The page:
Did you mean: brick block brick

Breaking news (to me): blick is an actual word of English.

Yup, I fully admit it. Until very recently, I never actually picked up a single dictionary and checked to see whether blick was in it. I just recall the feeling of my own first exposure1 to the example as being so effective that it never even occurred to me to double-check it. But now I see that Dictionary.com has a definition, as does the OED (if you have access). Prolly others, too, but why keep checking?

Of course, I recognize whether its actually found in any dictionary is not the relevant criterion for the example’s effectiveness. Jim Huang articulates the relevant criterion perfectly in these lecture notes (emphasis added):

(2) English phonotactics: brick, blick, bnick, sdpick.

These examples show […] whether a given sound sequence is a possible sequence in English even if you have never encountered the sequence before.

Still, I fell for the myth of the example, and wantonly talked about blick being a phonotactically-possible-but-nonexistent word of English. Mea culpa.

But I have to also admit to having gotten personally tired of the example by, oh, I don’t know, like the umpteenth time I taught it. So beginning some time ago, whenever I would introduce the brick, blick, bnick triad, I would very soon thereafter tell my class that both phonotactically possible but allegedly nonexistent blick and phonotactically impossible and supposedly nonexistent bnick have by sheer force of repeated use become words of my vocabulary, with the respective meanings “string of sounds that some sloppy linguistics teachers use to demonstrate the notion of a phonotactically (im)possible but nonexistent word of English.”2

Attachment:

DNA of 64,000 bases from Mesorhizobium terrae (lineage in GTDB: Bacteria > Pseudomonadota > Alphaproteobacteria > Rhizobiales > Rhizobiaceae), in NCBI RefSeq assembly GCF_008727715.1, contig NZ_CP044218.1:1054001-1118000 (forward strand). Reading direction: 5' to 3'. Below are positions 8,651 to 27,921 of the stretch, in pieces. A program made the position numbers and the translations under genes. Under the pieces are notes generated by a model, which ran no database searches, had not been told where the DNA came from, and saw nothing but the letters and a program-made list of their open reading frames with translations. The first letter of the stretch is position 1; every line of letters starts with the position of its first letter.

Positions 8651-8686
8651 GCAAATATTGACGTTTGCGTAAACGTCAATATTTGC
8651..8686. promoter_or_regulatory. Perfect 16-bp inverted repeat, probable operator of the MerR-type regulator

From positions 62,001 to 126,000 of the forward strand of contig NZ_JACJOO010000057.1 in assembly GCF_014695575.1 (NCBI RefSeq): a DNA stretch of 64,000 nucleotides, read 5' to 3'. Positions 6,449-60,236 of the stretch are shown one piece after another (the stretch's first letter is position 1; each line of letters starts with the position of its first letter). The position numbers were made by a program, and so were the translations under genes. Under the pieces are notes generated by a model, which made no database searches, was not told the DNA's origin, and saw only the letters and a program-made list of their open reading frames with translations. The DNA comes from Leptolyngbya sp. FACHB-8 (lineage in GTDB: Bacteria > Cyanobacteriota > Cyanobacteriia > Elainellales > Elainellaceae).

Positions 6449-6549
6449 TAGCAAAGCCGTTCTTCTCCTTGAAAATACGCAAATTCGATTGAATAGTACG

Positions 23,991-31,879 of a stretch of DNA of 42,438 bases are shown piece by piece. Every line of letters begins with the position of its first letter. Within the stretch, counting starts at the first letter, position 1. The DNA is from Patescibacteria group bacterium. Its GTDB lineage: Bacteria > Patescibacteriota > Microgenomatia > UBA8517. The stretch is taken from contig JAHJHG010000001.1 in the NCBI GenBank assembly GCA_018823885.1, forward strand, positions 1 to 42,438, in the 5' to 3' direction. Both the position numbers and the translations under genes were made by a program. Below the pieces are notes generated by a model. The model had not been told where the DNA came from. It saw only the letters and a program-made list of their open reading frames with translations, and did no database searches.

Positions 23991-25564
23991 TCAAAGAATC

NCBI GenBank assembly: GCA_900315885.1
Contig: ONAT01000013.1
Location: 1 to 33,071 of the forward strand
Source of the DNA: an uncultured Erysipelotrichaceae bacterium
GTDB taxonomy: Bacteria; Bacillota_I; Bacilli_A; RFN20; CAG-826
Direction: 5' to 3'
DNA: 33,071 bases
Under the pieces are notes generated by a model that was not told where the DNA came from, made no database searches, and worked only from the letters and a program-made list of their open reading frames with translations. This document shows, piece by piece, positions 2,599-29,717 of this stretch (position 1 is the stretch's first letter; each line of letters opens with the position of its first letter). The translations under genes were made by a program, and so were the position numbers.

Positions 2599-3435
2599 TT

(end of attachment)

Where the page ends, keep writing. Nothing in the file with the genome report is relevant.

To which I have to add from now on, in the case of blick at least: “Incorrectly, as it happens.”


Footnotes:

1 Though nothing else about the exposure rings a bell. Was it in a class? Did I read it somewhere, or hear about it at a talk? No clue.

2 This definition abbreviates two definitions, applied anti-disjunctively.

About the title: Google’s good at April Fool’s jokes, but this isn’t one of them.

[ Hat-tip to Andrew Strabone. ]

6 thoughts on “Did you mean: brick block brick

  1. Benjamin Schmeiser

    I am glad you brought this up, Eric. I have heard this used as a nonce word before, yet I recall seeing it in a Nathaniel Hawthorne text, if I am not mistaken. Thanks for the update.

  2. Bruce Hayes

    Hi Eric, Good blick words can be hard to find. Adam Albright and I once made a spreadsheet in which the columns were English onsets, sorted descending by frequency, and the rows were rhymes, similarly sorted. We filled the cells by concatenating the onset of the column with the rhyme of the row. Almost the entire upper left corner of the spreadsheet ended up consisting of existing words! So it’s actually a bit tricky to find the perfect “blick word”; i.e. utterly phonologically normal, but never actually used as a word.

    In case you’re curious, the blick words that are most “phonologically normal” turned out to be “tane”, “Kie”, “keek”, “sare” and “hane”.
    For me, “Kie” is not blick, being the name of two individuals I know.

  3. Andrew Nevins

    There is actually an art-supply store in Kenmore Square in Boston called “Blick”. I once dropped off their business card in Morris Halle’s mailbox as a gag.

  4. Marc van Oostendorp

    For the record: I was looking up this blogpost four years later, and also did a check on Google. They now asked me: “Do you mean brick blick blick.

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